Background Chimeric antigen receptor (CAR) T cell therapies have been used to effectively treat several hematological malignancies, resulting in six FDA approvals. However, even within these approved therapies, significant variation in response exists between patients. Interestingly, similar variation in CAR T cell efficacy is also observed in the laboratory setting between CAR T cells generated from different healthy peripheral blood mononuclear cell (PBMC) donors. Although it is unclear what causes variation in either setting, one underlying source of variation includes differences in T cell function between different donors and patients. The goal of this study is to determine the functional attributes of T cells that are critical for effective CAR T cell antitumor response in vivo.
Methods We generated B7-H3 CAR T cells expressing a CD28 costimulatory domain and a CD3ζ signaling domain from a range of healthy PBMC donors. We next evaluated each donor’s CAR T cell performance in functional assays measuring 1) pre-antigen expansion, 2) antigen-induced expansion and persistence (repeat stimulation assay), 3) cytokine secretion (Multiplex ELISA), and 4) killing efficiency (MTS cytotoxicity assay). Antitumor efficacy of each donor’s CAR T cells was also evaluated in an intraperitoneal LM7 osteosarcoma model. A scoring system was developed to assess the performance of each donor’s CAR T cells in every functional assay, and scores were correlated with in vivo antitumor efficacy to determine critical T cell functional attributes of effective CAR T cell donors.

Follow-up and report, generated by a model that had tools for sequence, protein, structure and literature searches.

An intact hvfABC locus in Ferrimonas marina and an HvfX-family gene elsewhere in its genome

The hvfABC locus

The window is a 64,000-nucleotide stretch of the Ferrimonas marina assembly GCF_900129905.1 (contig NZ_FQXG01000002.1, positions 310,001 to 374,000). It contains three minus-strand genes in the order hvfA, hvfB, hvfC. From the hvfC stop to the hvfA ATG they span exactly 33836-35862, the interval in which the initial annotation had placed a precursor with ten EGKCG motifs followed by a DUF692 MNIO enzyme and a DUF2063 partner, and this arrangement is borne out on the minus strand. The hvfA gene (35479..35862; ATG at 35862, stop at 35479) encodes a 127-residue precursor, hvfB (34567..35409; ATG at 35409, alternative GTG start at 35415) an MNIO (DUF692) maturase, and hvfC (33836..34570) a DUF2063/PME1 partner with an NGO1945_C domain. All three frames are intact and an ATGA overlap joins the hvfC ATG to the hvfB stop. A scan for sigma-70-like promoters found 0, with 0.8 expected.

Results Significant variation in functional assay performance was observed between CAR T cells generated from different donors. Further, we also observed significant variation in the survival of mice treated with CAR T cells from different donors. Scoring the donors based on their performance in functional assays led to a range of scores for each assay which could then be correlated with in vivo efficacy. Although data is still being generated for additional donors, to date, a significant positive correlation has been established between CAR T cell persistence scores and in vivo survival.
Conclusions We have established that significant variation exists between CAR T cells generated from different healthy donors in both in vitro functional assay performance and in vivo antitumor efficacy. Further, we have demonstrated that specific functional attributes, namely persistence, are correlated with better antitumor efficacy in vivo. We are continuing to test additional healthy donors to further evaluate variation between donors and extending these studies to CARs with different antigen specificity and to patient samples.
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